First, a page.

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  •   1-94                             HISTORY 679                                  
                                   Caribbean Basin II                               
                                     COURSE OUTLINE                                 
    

    I. INSTRUCTOR: Professor R. L. Woodward, Jr.

               Office:  Hebert 118.  Telephone:  (504) 862-8616; FAX(504) 862-8739  
               Office Hours: 9-11, Tuesdays & Thursdays                             
               Class Meetings:  Tuesdays & Thursdays 11-12:15                       
                                                                                    
          This course deals with the history of the circum-Caribbean region since   
    

    about 1800. This area includes the Caribbean islands, Central America, the Guianas, Venezuela, and Colombia, although relatively little attention is given to the South American parts of the region. The course will focus primarily on Central America and the Spanish-speaking Caribbean. The course will include both lecture and discussion sessions, with considerable emphasis on historical writing.

    II. REQUIRED READING:

                              By the Mid-Term Examination:                          
          F. Knight, THE CARIBBEAN:  GENESIS OF A FRAGMENTED NATIONALISM, 2d ed.    
               (1990), pp. 120-274.=20                                              
          R. L. Woodward, CENTRAL AMERICA, A NATION DIVIDED, 2d ed., pp. 92-223 (pp.
               1-91 optional).                                                      
          Leslie Bethell, editor, CENTRAL AMERICA SINCE INDEPENDENCE (1991),        
     pp.1-67.                                                                       
          Louis A. Perez, CUBA, BETWEEN REFORM AND REVOLUTION (1988), pp.70-188     
               (pp. 1-69 optional).                                                 
                                By the Final Examination:                           
          Bethell, CENTRAL AMERICA SINCE INDEPENDENCE, pp. 68-326.                  
          Woodward, CENTRAL AMERICA, pp. 224-83.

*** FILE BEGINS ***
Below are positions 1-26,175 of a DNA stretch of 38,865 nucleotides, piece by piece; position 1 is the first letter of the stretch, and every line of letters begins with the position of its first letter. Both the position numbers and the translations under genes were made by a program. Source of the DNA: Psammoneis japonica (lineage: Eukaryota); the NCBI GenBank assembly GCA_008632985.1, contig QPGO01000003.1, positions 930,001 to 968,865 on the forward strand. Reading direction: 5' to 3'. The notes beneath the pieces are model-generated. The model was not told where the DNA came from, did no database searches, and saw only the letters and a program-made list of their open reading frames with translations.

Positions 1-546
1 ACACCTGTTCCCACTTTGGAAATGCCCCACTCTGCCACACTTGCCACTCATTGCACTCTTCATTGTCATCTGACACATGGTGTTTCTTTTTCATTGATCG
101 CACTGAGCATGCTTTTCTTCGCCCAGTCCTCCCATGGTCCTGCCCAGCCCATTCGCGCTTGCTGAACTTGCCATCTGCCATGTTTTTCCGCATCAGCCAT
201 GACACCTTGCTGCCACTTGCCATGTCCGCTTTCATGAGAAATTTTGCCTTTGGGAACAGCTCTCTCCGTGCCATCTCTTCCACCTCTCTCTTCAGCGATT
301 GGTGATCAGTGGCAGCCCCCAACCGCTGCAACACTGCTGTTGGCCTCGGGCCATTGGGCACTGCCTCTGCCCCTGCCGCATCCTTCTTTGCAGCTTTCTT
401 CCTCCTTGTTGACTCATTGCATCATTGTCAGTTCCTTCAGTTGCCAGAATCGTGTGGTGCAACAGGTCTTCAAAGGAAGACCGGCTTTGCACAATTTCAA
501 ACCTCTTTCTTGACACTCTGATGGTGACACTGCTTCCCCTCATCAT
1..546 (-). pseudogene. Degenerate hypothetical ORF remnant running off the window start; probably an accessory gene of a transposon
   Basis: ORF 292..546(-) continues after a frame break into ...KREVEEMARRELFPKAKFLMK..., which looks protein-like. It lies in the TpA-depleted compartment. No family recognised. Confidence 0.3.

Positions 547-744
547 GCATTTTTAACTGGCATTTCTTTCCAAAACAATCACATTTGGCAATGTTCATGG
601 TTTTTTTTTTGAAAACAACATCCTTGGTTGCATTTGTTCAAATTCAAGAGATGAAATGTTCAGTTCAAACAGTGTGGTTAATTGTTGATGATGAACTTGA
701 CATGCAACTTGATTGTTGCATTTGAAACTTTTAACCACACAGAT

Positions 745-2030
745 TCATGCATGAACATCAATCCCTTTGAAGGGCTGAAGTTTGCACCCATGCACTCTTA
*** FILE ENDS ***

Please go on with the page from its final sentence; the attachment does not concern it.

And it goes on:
Jules Benjamin, THE UNITED STATES & THE ORIGINS OF THE CUBAN REVOLUTION   
               (1991).                                                              
          Knight, THE CARIBBEAN, pp. 275-331.                                       
          Knut Walter, THE REGIME OF ANASTASIO SOMOZA (1993).                       
          Robert Williams, EXPORT AGRICULTURE AND THE CRISIS IN CENTRAL AMERICA     
               (1987).                                                              
          Perez, CUBA, pp. 189-381.                                                 
          James Dunkerley, THE PACIFICATION OF CENTRAL AMERICA (1994).              
          RECOMMENDED TO GRADUATE STUDENTS:  James Dunkerley, POWER IN THE ISTHMUS  
               (1988).                                                              
    

    III. Lecture Topics:

    1. Introduction and hypotheses for the course.
    2. Ethnic and cultural backgrounds to Caribbean history. Geography and

      review of 16th-18th centuries.

    3. Expectations and Achievements of the Age of Revolution (1775-1825).
    4. The Aftermath of Revolution on the Island of Hispaniola
    5. Continuing Colonial Areas: Cuba & Puerto Rico; British, French, & Dutch

      West Indies.

    6. The United Provinces of the Center of America.
    7. Conservative caudillos in the Caribbean Basin.
    8. Manifest Destiny in Middle America, 1823-1865.
    9. The Liberal Reforma.
    10. The Search for and Interoceanic Canal, 1848-1914.

    11. Cuban Independence.

    MID-TERM EXAMINATION (Tuesday, 1 March 1994) 12. The "Liberal" heritage in the Caribbean Basin in the 20th century. 13. The Roosevelt Corollary and US intervention in the Caribbean, 1898-1934. 14. The Sandino Revolt, the Somoza dynasty, and the "Dictators' League" in